phd project

Engineered nature-based systems to protect drinking water aquifers against organic micropollutants

To mitigate seasonal water stress, drinking water companies at the high sandy soils in eastern Netherlands intend to increase aquifer recharge. However, infiltration is limited by the availability of clean surface water. Most surface waters contain pesticides and other organic micropollutants (OMP) at concentrations above 0.1 µg/L (the standard set by the European groundwater directive). To protect the groundwater quality, and to prevent the need for advanced treatment upon abstraction, there is a need for treatment prior to infiltration, preferably a nature based treatment that can be applied at water abstraction sites, which typically also have a nature and recreation function. Microorganisms in nature-based treatment systems are capable of biodegrading OMPs, however their growth and activity depends on a wide range of environmental factors. Those environmental factors can, to some extent, be controlled by the design and operation of nature-based treatment systems. In addition, nature-based systems can also be engineered to enhance the sorption of OMPs.

Research challenges
To understand how the design and operation of nature-based wetland-type systems, fed with surface water, effect the effluent quality with regard to infiltration. As part of this challenge, different wetland substrates will be evaluated including organic substrates, such as peat or wood chips. Organic materials act as absorbent and will thus increase the retention time of OMP in the system. Furthermore, organic substrates form growth substrate for certain species that might indirectly contribute to OMP biodegradation. A second element of the research challenge, is to evaluate options to control the water flow through, and oxygen supply to, the different compartments of the nature-based system.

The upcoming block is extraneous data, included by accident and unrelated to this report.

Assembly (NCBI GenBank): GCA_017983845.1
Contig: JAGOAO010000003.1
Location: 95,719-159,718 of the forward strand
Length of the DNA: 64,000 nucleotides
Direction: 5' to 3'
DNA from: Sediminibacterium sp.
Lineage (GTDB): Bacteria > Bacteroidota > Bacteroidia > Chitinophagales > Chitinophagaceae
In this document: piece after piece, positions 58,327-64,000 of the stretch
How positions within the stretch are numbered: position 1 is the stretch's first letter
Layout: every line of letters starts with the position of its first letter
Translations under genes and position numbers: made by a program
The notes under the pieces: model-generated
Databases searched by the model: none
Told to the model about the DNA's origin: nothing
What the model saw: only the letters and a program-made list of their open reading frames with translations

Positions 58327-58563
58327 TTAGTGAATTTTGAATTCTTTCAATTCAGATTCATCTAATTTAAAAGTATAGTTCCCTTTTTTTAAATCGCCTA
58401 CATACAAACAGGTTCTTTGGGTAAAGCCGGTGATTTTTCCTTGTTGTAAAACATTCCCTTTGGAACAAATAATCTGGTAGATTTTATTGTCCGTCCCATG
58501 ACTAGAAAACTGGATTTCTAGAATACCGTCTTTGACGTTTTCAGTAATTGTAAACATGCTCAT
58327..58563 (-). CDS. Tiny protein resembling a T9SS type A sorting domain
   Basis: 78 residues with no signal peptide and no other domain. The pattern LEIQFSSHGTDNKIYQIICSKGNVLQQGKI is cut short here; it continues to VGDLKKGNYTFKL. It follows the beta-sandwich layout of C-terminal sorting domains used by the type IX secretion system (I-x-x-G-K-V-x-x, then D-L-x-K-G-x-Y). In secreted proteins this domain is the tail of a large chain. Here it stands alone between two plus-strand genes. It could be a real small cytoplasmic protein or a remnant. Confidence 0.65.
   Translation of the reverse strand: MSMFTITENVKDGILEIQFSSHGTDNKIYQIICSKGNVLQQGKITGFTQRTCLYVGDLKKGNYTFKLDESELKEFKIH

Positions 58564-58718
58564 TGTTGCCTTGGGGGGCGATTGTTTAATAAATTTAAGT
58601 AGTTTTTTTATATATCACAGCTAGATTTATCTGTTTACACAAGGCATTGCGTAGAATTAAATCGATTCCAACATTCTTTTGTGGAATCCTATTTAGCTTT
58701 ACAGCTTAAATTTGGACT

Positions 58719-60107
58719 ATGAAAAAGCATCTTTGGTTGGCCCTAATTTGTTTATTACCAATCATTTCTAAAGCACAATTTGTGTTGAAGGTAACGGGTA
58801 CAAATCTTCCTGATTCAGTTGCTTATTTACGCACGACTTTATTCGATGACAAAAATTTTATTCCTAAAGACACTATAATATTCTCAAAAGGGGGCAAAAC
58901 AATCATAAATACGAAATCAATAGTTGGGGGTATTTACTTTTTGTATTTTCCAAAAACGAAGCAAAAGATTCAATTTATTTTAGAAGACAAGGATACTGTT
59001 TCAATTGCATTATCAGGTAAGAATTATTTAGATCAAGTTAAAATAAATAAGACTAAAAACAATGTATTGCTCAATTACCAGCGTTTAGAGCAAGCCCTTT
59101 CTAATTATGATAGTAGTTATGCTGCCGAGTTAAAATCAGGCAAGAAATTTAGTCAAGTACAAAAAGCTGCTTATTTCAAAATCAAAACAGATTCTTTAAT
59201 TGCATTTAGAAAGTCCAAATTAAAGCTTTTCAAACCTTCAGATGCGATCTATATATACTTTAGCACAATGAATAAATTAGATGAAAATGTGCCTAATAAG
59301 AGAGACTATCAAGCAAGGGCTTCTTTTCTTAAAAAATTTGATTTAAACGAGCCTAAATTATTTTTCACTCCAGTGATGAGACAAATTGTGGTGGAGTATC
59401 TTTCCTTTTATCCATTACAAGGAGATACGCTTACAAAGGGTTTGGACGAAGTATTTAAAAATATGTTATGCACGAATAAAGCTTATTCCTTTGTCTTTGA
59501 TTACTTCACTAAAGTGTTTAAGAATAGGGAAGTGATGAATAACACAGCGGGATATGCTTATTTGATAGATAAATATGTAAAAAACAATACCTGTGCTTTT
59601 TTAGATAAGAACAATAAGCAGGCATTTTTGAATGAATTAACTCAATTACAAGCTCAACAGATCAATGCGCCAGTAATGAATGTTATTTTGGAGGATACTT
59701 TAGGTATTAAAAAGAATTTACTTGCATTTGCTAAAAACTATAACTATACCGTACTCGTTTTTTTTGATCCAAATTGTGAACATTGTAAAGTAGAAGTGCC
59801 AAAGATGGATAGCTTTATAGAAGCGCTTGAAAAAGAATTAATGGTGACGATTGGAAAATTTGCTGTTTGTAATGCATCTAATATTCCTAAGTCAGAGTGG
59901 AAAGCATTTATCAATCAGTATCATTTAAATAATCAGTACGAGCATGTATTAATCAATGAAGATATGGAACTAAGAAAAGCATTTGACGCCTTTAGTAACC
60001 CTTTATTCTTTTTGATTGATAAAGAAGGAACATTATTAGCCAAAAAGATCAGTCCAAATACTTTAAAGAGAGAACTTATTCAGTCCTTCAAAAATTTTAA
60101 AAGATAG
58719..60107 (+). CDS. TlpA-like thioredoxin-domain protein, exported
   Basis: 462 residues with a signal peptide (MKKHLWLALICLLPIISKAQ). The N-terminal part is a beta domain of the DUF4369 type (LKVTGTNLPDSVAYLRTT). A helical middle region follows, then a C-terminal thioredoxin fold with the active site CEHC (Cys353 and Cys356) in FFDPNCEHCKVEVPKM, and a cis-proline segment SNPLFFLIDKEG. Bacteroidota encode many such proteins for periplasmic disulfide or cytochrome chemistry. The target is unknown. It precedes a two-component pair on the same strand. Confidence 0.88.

Your assignment
You will study the processes in nature-based systems using batch, column or pot experiments under well-controlled conditions in the laboratory. You will use a broad range of analytical techniques to assess OMP degradation, organic matter fractionation, the bacterial (and possibly fungal) community development, and the role of adsorption, extracellular enzymes, Fenton (like) reactions, and reactive oxygen species.

The companies in the Groundwater technology theme aim to construct and study a 100m2 nature-based system at a drinking water abstraction site in the Netherlands. This study will be done in parallel to the PhD research, however, you will cooperate with the people doing the field work.

Your Profile
We are looking for a motivated PhD candidate with a MSc degree in Environmental Technology, Applied Biology, Soil Chemistry, or similar. You should have an affinity for collaboration with partners from the drinking water sector. Preference is given to candidates with knowledge of biological laboratory experiments, chemical oxidation, and sorption phenomena, organic matter characterization, OMP analysis by LC-MS and biomolecular tools.

Keywords: Organic micropollutants, biodegradation, nature-based, groundwater quality

Supervisory Team: University promotor and co-promotor: Assoc. Prof. Dr. Nora B. Sutton (Wageningen University, Environmental Technology), Dr. Thomas V. Wagner (Wageningen University, Environmental Technology)
Wetsus supervisor:  Dr. Roel J.W. Meulepas (Coordinator of the Groundwater technology theme), dr. Ahmed Mahmoud (co-supervisor)

Project partners: Groundwater Technology

Only applications that are complete, in English, and submitted via the application webpage before the deadline will be considered eligible.

Guidelines for applicants:

Application form 2024.04: Engineered nature-based systems to protect drinking water aquifers against organic micropollutants

  • You can only apply to one research project and indicate your second and third preferences (if applicable). Fill in the number (not the title) of the project, e.g., 2024.01
  • Fill in the number (not the title) of the project, e.g., 2024.01
  • Fill in the number (not the title) of the project, e.g., 2024.01
    i.e., in the first 4 years of your research career (full time equivalent) and not have a doctoral degree.
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